This is perhaps the largest mouthful of a legal question that you’ve asked. The answer is not an easy one. The original standard of the ancient jury was a group of citizens, knowledgeable in the affairs of the community who decided on questions based on what they knew or were able to find. Times have changed markedly. Now, a juror with personal knowledge or a known disposition toward a subject is considered tainted or biased. Add to the mix that the district attorney is thought to represent the people. They generally enjoy a leg-up in the eyes of the trier of fact. Judges have backgrounds. Here in California, a very large share of the judges have mostly criminal law experience. Nonetheless, self-defense cases are out-of-the-ordinary. We are typically not dealing with a meth-addict who kills a homeowner during a burglary. We tend to blindly opt in favor of juries; they are most like us. That is not always the best approach. As lawyers, we take a long look at our client, the judge and the jury pools. Most importantly, we consider the facts of the case.
Let’s look at two scenarios:
A homicide occurs after a person wearing shorts and no shirt, sweating profusely is observed breaking into an armed citizen’s home. It is the dead of a snowy winter. The suspect will not heed warnings; the suspect will not retreat. The suspect draws a knife as he successfully kicks in the front door. The rest of the family is watching television. The armed citizen doesn’t have the time to think. The police reactively take him into custody after he calls to report the death of the intruder. An indictment soon follows. With no previous criminal background and having been fully trained in the legal use of weapons there is simply no question that this is a case for a jury especially since the judge somewhat has a reputation for making snap decisions. Jury requested, Yes? Not so fast. What if this took place in the suburbs of Big City Massachusetts or Maryland? The jury includes a significant number of persons who are off-put by guns and the people that own them. Why didn’t the citizen just call the police when the suspect came on the property?
An off-duty police officer is seated at a Starbuck’s when an angry boyfriend starts a loud argument with his significant other. She intervenes to keep the public peace. The boyfriend is not accustomed to firm counseling and escalates the situation. As the boyfriend makes a strong move for his waistband the officer reacts with deadly force. The judges in the county have presided over a growing number of police shootings recently. They are under political pressure to address these matters firmly. The makeup of jurors favors public order. There are many more highly-technical issues to be resolved in a case such as this. The jury might get confused. If the officer were to retreat in her level of force, would the boyfriend still be alive?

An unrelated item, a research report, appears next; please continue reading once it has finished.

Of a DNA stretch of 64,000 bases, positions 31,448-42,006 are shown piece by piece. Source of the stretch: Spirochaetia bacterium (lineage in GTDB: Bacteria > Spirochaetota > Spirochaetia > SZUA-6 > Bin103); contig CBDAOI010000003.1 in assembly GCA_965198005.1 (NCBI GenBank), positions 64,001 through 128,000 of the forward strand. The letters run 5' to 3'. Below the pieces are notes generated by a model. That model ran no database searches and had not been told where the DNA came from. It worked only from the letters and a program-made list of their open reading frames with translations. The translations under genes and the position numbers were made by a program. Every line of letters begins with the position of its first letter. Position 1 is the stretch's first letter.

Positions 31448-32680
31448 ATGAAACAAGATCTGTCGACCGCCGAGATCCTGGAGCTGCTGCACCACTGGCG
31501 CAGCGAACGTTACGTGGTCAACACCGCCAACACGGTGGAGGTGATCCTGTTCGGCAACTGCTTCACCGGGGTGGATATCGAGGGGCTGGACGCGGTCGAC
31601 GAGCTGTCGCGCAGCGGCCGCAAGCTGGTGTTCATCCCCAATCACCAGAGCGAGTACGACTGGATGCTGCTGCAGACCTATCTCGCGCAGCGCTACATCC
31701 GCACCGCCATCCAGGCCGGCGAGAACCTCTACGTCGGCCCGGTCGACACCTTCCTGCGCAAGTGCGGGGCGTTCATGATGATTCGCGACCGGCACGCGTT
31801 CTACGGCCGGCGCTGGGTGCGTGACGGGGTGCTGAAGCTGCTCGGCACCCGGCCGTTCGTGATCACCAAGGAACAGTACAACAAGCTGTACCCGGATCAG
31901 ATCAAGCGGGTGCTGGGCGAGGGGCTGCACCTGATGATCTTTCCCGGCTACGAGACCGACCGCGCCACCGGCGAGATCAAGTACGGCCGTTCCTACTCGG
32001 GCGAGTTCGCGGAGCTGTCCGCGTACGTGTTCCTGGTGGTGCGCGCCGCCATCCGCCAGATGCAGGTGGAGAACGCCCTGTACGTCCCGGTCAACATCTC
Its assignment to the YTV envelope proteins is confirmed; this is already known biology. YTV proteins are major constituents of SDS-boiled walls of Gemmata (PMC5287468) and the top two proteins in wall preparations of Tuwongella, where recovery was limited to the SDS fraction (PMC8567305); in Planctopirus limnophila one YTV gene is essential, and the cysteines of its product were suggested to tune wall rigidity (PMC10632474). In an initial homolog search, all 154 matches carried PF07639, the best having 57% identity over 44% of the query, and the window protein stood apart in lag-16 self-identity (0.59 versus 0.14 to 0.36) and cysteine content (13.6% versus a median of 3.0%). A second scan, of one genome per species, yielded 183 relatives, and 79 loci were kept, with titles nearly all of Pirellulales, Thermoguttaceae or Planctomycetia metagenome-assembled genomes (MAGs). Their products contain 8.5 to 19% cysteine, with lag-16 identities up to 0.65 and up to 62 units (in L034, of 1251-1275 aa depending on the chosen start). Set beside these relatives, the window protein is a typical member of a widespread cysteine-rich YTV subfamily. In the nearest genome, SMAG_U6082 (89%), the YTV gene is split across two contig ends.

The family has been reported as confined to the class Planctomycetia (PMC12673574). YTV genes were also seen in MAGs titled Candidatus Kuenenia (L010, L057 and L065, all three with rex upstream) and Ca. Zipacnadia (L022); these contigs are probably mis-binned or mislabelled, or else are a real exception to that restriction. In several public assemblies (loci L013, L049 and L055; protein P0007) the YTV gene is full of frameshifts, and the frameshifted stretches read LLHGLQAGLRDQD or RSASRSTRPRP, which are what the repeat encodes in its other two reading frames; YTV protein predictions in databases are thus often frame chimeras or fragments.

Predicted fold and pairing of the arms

In answer to the question, there is no answer without having all of the circumstances to consider. In practice, we preserve the right to jury. We generally believe that given a choice between the two, a jury ought to be more empathetic; a judge more objective. It is never an easy choice. Anybody that makes this legal decision on their own is more likely foolish than informed.
Kelly & Chapman
PO Box 168, Portland, ME 04101
In Maine, judges are a good bet for “diminished capacity” defenses, that juries seem to be able to see right through. If the defendant is in stark contrast to truly reprehensible “victims” in a self-defense case, we have had some surprising jury verdicts in favor of the defendant. State v. Sabato Raia involved a case where three almost unimaginably evil “victims” were shot, almost execution style, outside the home of the defendant, whom they had (in front of witnesses) threatened to kill earlier that night. One was apparently shot through the side of the head as he drove his car away from the scene, with the side window rolled down.
Raia was acquitted. Some of the facts can be reviewed in the reported case of Royal Ins. Co. v. Pinette, 2000 ME 155. That case is also instructive, because it involved the “expected or intended” exception to the duty to defend and indemnify in self-defense shootings.
Law Office of Nabil Samaan
6110 Auburn Folsom Road, Granite Bay, CA 95746
I think these preferences may depend on a county bias, or judge bias. Also, certain facts may create a preference to have a judge–facts like a rape in the commission of a murder or bloody photos.
Gregory J. Miller, Esq.
Miller Law Group
PO Box 680, W. Redding, CT 06896
There is often a bias against people who are not from an area. If I had someone who might be seen as an outsider, I would consider a bench trial. Also, if the facts are very complex–i.e. carrying interstate under a reciprocity agreement in a state or city where licenses are not common I would consider a judge.